Precision Medicine RFP's
The Vagelos Precision Medicine supplemental funding for mouse models is made possible by the generous gift of Roy and Diana Vagelos, to the Columbia Precision Medicine Initiative, and it is intended to support ground-breaking research in the field of precision medicine.
Proposals are requested to generate new mouse models of disease, discovered by human sequencing, primarily in constitutional genetics, not alterations in neoplasms. This program will only subsidize new projects, and not retroactively fund or supplement projects that have already begun. Funds will be awarded to subsidize costs of mouse mutant strain design and construction (e.g. by CRISPR) from approved service providers. The subsidy will be up to 66% of the total quoted cost per mutant strain, or up to $15,000 per mutant strain, whichever is less.
The development of approximately 20 models will be supported in the first year. A maximum of two models per request per investigator will be permitted.
Eligibility: Applicants must have a full-time Columbia University faculty appointment (including NYPSI and clinical faculty) at the rank of an Assistant, Associate, or Full Professor.
Application Directions: Prepare description (2-page maximum) for each model as follows:
- Investigator name, home department, contact information
- Project title
- Description of human mutation and mouse orthologue to be targeted
- How the mutation was selected and the basis for disease involvement
- Relevance to investigator research interests and to precision medicine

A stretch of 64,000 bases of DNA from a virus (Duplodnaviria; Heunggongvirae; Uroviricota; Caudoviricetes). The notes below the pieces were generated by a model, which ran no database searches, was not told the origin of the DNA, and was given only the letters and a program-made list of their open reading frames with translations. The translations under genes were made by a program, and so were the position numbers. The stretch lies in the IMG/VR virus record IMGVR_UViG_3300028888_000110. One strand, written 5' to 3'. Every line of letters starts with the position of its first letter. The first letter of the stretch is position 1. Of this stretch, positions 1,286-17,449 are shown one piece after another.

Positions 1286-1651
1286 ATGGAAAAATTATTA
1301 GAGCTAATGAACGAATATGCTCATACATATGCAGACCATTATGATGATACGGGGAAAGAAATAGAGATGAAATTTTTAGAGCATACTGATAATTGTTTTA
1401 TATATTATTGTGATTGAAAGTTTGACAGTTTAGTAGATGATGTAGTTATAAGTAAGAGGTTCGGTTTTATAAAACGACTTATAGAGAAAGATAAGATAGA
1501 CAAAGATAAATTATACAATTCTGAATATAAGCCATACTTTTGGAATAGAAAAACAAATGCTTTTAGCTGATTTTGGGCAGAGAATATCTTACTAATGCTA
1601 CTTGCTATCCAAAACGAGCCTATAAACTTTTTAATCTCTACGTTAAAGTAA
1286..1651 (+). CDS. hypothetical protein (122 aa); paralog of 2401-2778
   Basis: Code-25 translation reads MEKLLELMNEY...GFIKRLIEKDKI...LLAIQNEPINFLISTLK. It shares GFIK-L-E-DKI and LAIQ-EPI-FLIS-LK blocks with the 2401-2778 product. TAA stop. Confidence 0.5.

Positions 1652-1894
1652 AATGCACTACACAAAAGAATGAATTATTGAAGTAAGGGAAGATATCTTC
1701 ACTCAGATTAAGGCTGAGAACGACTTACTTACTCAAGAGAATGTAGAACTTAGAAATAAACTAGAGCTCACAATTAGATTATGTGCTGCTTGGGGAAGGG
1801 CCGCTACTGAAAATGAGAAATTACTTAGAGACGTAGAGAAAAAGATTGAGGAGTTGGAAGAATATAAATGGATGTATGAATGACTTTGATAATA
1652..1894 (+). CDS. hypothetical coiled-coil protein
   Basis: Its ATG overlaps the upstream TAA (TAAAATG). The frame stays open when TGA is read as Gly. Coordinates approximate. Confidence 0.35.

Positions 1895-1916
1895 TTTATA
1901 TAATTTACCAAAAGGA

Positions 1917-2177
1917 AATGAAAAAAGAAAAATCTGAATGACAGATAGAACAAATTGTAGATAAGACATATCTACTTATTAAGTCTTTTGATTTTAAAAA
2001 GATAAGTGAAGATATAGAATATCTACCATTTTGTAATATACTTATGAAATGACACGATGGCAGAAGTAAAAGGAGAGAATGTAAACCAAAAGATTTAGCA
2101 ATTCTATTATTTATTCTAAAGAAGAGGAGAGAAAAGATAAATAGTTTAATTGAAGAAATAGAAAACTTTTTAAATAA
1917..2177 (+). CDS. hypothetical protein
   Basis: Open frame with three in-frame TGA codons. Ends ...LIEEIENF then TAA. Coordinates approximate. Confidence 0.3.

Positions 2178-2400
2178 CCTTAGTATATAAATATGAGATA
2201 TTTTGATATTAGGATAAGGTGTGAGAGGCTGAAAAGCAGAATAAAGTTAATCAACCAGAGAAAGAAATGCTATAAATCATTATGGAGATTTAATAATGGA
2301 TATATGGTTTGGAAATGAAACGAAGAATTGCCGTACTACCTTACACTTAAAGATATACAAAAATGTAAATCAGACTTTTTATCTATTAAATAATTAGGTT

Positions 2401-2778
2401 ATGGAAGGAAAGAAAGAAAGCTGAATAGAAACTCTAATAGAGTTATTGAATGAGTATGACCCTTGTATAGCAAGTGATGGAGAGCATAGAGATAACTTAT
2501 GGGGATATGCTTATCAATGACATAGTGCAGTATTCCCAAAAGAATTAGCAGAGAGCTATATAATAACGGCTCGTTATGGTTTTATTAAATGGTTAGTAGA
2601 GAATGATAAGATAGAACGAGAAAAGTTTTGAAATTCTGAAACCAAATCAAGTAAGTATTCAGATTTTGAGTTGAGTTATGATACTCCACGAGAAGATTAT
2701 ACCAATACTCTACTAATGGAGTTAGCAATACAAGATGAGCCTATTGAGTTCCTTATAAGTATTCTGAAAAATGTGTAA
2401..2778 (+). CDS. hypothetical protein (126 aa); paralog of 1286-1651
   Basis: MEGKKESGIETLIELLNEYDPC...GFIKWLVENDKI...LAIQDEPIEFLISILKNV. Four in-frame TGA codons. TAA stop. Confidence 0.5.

- Describe the way the mice will be studied
- Any other information that would shed light on the likelihood of success
Provide the following supporting information:
- Obtain design, prices, model development updates and timelines from service providers (quotes not required for application, but funds will not be released until quote is received)
- Work with Institute for Comparative Medicine to ensure approval of purchase orders and eventual delivery of mice into a CU vivarium (Business manager: Seth Mayersohn sm3580; Veterinary services - Andrea Hubbard ah2911)
- Review checklist points 1 through 7 below
Applications will be examined by the review committee, headed by Program Directors: Wayne Frankel, PhD and Ali Gharavi, MD, on a rolling basis with notification of funding within a month of review.
Submit application by March 30th 2018, as one single pdf, to the Program Administrator at email@example.com
1. Does the mouse carrying the mutation already exist? What is known about its viability, transmission and availability? Example websites to check:
2. Type of mutation desired (more complex models will cost more)
- Simple null allele (knockout)
- Conditional knockout (lox p sites flanking exon)
- Simple knockin (point mutation(s) only)
- Complex knockin
- Site-specific reporter or cre gene insertion
- Conditional point mutation (e.g. flox-stop cassette)
3. Mouse strain background (e.g. C57BL/6J, 129/SvImJ, FVB/NJ): Are you targeting in direct zygotes or in ES cells? Some vendors may not be licensed to legally target certain mouse strains or sub-strains from other vendors. Check with your service provider on strains they use.
4. “All in” service (from initial design to receipt of proven carriers), or participate in the screening for, and development of, the mutation? Some vendors will only offer all-in service, which may be more expensive but gives the convenience of proven germline transmission and fecundity and viability of mice carrying the mutation; Others may offer a la carte services that will save out of pocket-costs but do not do the screening and initial breeding.
5. Do you already have a IACUC protocol for studying mice? Ensure the expected mice are on your protocol and funding is in place for animal housing, in synchrony with the estimated delivery date
6. We strongly recommend that you have funds to cryopreserve the strain, or have that included as an integral part of the quotation (if it is offered by the same service provider). CPMI will not pay for separate cryopreservation or for storage costs).